Labelling and Traceability

Are you eating seafood in the dark?

Have you ever bought seafood and wondered what fish you’re actually buying? According to Canadian guidelines, a package labeled as “rockfish” could be one of more than 100 possible species, some of which are endangered, and others which are sustainably caught.

Canadians deserve to know more about their seafood. But Canada’s labelling laws do not require seafood providers to properly label their product with the necessary information that will help consumers make well-informed decisions. This makes it difficult for Canadians to find healthy choices for the oceans and for their family too. It also gets in the way of important economic opportunities for Canada’s fishing industry – aligning our labelling with that of our major trading partners, namely the United States and the European Union, will facilitate smoother sale and trade operations for Canadian businesses. (Download our briefing document to learn more).

Comparing Labels: EU, USA and Canada — Other countries have more stringent requirements, so why don’t we? The graphic above shows how the same fish species (Sebastes flavidus) is required to be labelled in the EU, USA and Canada. Canada’s label is void of any detail.

We need your voice!

Canadian’s should demand better seafood labelling. Currently, the only regular requirement for seafood sold in Canada is that it lists a common name on the packaging or label.  But the Canadian Food Inspection Agency (CFIA) is reviewing its practices and asking Canadians for input on food labelling.  Please lend your support to our recommendations for seafood labelling.

Sign our petition before it closes on February 23, 2017.

We are asking that seafood packaging also list:

Geographic Origin – The location of catch or the location of the aquaculture operation should be clear to consumers.

Scientific Name – The use of a species scientific name ensures greater clarity. Common names apply to different species and can vary from region to region and language to language. But a species has just one scientific name.

Production Method (Farmed or Wild) – This simple piece of information can have huge sustainability implications.

Gear Type or Farming Method – The gear type for wild caught seafood can have very different impacts on the ocean floor and on other species accidentally caught in the gear. For farm-raised fish, different farming methods can have very different impacts on the surrounding environment and the native species that live there.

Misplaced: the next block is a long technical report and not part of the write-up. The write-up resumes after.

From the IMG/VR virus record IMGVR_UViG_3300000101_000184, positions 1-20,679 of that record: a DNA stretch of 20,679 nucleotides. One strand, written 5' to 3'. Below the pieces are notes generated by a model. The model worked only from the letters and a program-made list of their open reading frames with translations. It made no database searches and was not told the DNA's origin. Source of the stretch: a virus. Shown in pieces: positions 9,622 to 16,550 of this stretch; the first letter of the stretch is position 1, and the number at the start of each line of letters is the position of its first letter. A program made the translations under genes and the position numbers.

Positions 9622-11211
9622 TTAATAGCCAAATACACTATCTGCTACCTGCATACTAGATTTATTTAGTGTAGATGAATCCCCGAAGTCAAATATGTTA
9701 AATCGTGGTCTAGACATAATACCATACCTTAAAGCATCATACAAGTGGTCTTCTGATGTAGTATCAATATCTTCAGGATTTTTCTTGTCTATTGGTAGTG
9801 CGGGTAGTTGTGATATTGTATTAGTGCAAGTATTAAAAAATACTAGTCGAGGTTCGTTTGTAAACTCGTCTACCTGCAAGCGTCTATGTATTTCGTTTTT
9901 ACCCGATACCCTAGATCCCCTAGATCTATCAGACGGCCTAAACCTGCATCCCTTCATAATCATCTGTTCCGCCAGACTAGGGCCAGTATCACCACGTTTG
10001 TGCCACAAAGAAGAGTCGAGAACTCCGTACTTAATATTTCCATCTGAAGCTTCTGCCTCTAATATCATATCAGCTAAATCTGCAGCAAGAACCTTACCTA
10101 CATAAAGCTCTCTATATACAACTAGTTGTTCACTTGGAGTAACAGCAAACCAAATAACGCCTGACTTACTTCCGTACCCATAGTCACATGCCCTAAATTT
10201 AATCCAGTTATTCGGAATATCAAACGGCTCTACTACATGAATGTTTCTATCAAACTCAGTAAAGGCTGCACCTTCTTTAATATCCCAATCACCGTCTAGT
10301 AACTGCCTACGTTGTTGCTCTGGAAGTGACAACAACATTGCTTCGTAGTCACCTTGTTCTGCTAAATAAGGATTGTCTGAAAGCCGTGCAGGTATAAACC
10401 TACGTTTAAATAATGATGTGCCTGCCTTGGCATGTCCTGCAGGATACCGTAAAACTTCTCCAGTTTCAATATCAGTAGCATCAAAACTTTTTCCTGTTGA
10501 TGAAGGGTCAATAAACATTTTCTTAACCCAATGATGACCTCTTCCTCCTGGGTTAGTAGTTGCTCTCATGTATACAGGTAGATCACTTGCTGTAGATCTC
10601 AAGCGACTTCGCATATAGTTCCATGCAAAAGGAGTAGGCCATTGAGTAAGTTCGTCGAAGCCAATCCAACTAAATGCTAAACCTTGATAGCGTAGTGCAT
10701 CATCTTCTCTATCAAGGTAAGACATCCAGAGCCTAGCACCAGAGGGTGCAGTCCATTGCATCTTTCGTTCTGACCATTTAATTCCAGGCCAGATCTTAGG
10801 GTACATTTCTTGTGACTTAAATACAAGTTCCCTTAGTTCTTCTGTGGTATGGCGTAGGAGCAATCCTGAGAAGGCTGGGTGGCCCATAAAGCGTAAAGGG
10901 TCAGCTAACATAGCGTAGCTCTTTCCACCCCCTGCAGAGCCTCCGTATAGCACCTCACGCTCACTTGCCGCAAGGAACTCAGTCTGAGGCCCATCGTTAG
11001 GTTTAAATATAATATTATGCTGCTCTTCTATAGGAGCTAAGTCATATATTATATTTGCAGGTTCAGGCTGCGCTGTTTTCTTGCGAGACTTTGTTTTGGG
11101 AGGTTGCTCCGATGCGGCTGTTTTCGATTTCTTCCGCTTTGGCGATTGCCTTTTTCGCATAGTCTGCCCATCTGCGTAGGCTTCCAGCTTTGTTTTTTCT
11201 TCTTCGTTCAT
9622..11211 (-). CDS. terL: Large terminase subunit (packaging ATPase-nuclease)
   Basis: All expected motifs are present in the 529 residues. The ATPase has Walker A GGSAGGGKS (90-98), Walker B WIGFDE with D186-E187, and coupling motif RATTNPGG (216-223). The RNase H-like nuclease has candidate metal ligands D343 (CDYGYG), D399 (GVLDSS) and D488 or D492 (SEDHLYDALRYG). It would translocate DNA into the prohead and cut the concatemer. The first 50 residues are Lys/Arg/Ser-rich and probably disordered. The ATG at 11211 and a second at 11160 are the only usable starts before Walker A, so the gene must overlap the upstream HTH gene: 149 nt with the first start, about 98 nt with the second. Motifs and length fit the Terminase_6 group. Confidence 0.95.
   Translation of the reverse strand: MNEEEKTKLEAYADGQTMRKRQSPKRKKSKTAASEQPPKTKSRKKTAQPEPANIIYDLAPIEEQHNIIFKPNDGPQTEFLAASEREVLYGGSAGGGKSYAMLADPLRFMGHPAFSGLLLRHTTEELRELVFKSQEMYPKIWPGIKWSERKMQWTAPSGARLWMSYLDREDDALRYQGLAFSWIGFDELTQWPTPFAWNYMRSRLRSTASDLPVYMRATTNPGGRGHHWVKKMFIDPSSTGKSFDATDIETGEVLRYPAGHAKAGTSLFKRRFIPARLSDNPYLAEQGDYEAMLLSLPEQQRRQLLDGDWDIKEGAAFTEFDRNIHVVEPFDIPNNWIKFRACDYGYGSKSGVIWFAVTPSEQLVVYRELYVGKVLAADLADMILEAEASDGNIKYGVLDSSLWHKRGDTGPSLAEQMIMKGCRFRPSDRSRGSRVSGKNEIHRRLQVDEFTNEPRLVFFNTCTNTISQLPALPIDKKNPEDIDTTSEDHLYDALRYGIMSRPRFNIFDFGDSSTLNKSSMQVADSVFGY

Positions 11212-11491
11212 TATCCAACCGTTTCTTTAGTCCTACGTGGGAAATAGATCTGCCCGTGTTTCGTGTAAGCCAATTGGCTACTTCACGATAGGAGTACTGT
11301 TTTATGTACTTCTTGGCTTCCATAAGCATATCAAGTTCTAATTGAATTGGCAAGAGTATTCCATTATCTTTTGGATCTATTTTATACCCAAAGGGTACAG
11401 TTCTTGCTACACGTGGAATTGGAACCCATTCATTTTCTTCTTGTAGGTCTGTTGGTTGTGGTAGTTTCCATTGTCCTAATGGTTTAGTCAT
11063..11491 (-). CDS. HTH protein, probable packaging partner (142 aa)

Want to know more?

Download our briefing document for further information on how Canadian’s are eating seafood in the dark – and what needs to change.

Watch this SeaChoice video on labelling and traceability:

Ask retailers questions!

Canadians deserve to know more about where their food comes from so that they can use their consumer power to make well-informed decisions. The SeaChoice seafood guides and iPhone apps empower Canadians with the information to choose their seafood responsibly. Unfortunately, without proper labelling, it can be difficult to know what kind of fish you are buying, where it was caught or harvested and how it was caught or farmed.

To help encourage proper labelling with your retailer, you can ask these three easy questions when you shop or dine:

  • What type of seafood is this?
  • Where was it fished or farmed?
  • How was it caught or farmed?

If your seafood provider is unable to answer these important questions, try these helpful tips:

  • Ask to speak to another employee or the supervisor/ manager.
  • Suggest phoning their seafood supplier for more details.
  • Keep trying! Retailers ultimately want to make their customers happy so if they hear the same questions enough, they will look for the answers.
  • Vote with your wallet and shop somewhere where they can answer your questions.

Related Work:

Future of Fish – traceability toolkit

Conservation Alliance for Sustainable Seafood – traceability resource centre

Past SeaChoice Blogs:

Does traceable mean sustainable?

Does your seafood label look a little bit fishy?!

Diving deeper into seafood labelling